The fan-idol dynamic here is explored in its most raw bovarysme ways. Gaurav has always lived as Aryan Khanna but when his love turns impure, it takes a darker turn. Gaurav puts those talents honed for years to misuse. He is multi-talented just like his favorite actor and this reflects more in the second half when the film turns into a wild goose chase (not always in a good way). Gaurav, not Aryan, is now the actor, the impostor, the dancer, the fighter. Sharma lets him go to the extent of sexual abuse and this is once again more foreshadowing on his part. Early on we see Gaurav diligent in safeguarding his friend Neha (Shriya Pilgaonkar) from a bunch of goons who enter his shop. We think back and wonder if this is the same person.

Fan wants us to take several leaps of faith in the second half. There is of course its underlying philosophy – what is fandom and worship if not blind faith! But some of it is hard to get past. We find Gaurav – who has to win a competition to get from Delhi to Mumbai – navigating across Europe but even if you put that under the ignore column, it is a wonder that the film’s first half never alludes to Gaurav’s resemblance to Aryan while the second half is all but predicated on it. In these portions, the film is firmly on Shah Rukh Khan’s shoulders. Fan is a venerable addition to Khan’s erstwhile trifecta of Kabhi Haan Kabhi NaaSwades and Chak De India. In films delving into dichotomy of this kind, one always tends to give more weight to the role that’s out of the comfort zone. But in Fan, Shah Rukh Khan scores on both counts. The boisterous, vibrant Gaurav has some antics up his sleeve that are so relatable to every cinema mad person in this country. Even after Gaurav takes a turn for the worse, we root for him occasionally and that’s all thanks to Khan. The CGI jaws notwithstanding, Khan comes up with all kinds of contortions with his lips, eyes and dialogue delivery to somehow make Gaurav sympathetic and menacing at the same time. As Aryan Khanna, we know he is playing himself but it is a bold choice to massage all that narcissism on screen. Often we see Aryan’s ego standing on his shoulders and mouthing orders into his ear. It’s in the way he talks to the police officer in London and also in the way he refuses to listen to both his lawyer and secretary. One can say this comes “naturally” to the biggest star in Hindi cinema but to put it all out there? Applause. The only other Indian star who has done this sort of an autopsy on himself on screen is, at the risk of mentioning again, Kamal Haasan.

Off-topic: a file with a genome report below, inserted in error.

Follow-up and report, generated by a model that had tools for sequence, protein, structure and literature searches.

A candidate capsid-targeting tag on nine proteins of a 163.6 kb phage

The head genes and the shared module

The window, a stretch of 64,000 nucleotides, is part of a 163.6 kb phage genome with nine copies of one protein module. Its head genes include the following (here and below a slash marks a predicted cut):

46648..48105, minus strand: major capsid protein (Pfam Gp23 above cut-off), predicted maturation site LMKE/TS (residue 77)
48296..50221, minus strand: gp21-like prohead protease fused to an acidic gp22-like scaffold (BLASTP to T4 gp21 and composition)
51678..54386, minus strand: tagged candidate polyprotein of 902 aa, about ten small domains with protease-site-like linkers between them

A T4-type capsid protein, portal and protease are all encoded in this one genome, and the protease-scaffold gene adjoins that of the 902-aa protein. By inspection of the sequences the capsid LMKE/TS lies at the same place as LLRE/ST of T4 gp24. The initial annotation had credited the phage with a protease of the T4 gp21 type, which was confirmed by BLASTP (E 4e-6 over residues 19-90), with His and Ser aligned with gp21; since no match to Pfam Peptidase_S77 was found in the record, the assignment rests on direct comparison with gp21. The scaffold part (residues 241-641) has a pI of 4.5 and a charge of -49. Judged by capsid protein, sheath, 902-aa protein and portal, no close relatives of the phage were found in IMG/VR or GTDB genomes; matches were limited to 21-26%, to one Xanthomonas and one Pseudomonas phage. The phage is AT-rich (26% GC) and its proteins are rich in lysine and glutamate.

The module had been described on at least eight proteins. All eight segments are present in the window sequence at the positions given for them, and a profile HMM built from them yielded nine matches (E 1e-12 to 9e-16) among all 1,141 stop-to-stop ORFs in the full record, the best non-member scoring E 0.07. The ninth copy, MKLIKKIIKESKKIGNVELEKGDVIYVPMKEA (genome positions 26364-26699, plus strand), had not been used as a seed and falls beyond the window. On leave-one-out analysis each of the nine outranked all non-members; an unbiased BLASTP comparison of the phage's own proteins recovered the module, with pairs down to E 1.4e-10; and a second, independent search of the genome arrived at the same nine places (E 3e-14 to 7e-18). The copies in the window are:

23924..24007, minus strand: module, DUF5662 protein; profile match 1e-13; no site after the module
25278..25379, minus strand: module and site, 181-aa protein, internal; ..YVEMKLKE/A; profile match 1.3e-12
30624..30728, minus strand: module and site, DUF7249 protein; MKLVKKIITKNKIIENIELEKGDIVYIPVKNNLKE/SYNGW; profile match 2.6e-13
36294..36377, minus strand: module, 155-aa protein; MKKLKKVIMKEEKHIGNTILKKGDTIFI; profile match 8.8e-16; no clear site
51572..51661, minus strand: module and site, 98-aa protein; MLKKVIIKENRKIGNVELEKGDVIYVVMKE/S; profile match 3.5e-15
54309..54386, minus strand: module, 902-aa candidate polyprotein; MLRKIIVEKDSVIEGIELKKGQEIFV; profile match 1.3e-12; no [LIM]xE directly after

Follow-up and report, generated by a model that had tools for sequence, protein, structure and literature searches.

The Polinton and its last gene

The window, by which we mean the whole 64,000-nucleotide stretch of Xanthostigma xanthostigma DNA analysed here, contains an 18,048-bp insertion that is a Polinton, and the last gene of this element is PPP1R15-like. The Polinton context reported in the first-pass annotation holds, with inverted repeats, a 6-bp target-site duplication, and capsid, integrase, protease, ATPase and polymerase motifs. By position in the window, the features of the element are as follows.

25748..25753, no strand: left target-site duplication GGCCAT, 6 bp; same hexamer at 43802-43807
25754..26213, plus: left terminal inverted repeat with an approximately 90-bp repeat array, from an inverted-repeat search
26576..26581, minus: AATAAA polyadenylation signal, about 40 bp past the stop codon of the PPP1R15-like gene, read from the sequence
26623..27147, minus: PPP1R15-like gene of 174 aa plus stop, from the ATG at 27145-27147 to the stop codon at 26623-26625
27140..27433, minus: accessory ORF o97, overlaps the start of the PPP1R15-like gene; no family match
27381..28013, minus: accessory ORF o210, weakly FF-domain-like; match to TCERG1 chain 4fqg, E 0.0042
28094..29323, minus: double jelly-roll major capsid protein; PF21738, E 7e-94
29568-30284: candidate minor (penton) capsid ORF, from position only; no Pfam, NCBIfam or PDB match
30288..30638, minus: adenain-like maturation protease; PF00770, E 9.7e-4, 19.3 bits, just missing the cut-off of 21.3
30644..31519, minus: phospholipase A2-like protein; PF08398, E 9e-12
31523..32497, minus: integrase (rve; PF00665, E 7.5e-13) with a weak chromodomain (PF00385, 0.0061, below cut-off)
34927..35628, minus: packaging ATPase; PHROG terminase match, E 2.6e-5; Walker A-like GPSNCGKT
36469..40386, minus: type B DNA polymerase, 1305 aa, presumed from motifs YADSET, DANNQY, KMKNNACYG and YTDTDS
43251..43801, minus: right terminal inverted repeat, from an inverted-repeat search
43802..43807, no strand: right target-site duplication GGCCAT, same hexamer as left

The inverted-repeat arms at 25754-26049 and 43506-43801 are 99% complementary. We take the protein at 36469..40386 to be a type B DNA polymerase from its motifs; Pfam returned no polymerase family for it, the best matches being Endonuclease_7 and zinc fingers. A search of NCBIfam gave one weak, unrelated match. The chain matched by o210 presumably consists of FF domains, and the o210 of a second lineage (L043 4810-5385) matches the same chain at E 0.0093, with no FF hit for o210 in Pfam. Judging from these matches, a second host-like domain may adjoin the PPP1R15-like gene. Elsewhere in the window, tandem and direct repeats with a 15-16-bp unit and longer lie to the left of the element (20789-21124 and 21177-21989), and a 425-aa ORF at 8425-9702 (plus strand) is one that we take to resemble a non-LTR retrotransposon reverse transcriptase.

Fan does make you wonder how it would shape up in the culture south of Bollywood, where the obsession is greater, the madness zanier and people are known to do incredible and ill-advised acts in the name of fandom. Faisal and Sharma even show part of the process. Gaurav’s parents admonish him for his low marks and the fixation with Aryan Khanna but they are also very much the enablers. If there is ever a “last film” (I shall do some sit-ups) for Rajinikanth, Fan would be near perfect. But for now, this is a Shah Rukh Khan show. Fan even nicely circles back to that one constant in Shah Rukh Khan’s life and times – love – to resolve itself. The second half may lack in finesse but finally there is a film worthy of not only Shah Rukh Khan’s stardom but also his underused and underappreciated skills as an actor. And full marks to that mirroring of Baazigar.

(An edited version of this was published in The New Indian Express)


4 thoughts on “The Unexpected Virtue of Fandom: Maneesh Sharma’s Fan

  1. I’ve seen only one Kamal film (Hey Ram) so didn’t get this reference: “Just before intermission, Sharma goes for Kamal Haasan’s favorite device – the mirror that naturally lends itself to the subject being explored here.”
    Could you explain further?


    1. That’s an answer quite difficult for just a comments space. Also, I did not mean fans of cinema. I meant the fans of stars. Generally, South Indian superstars are worshiped and revered in a far more aggressive fashion.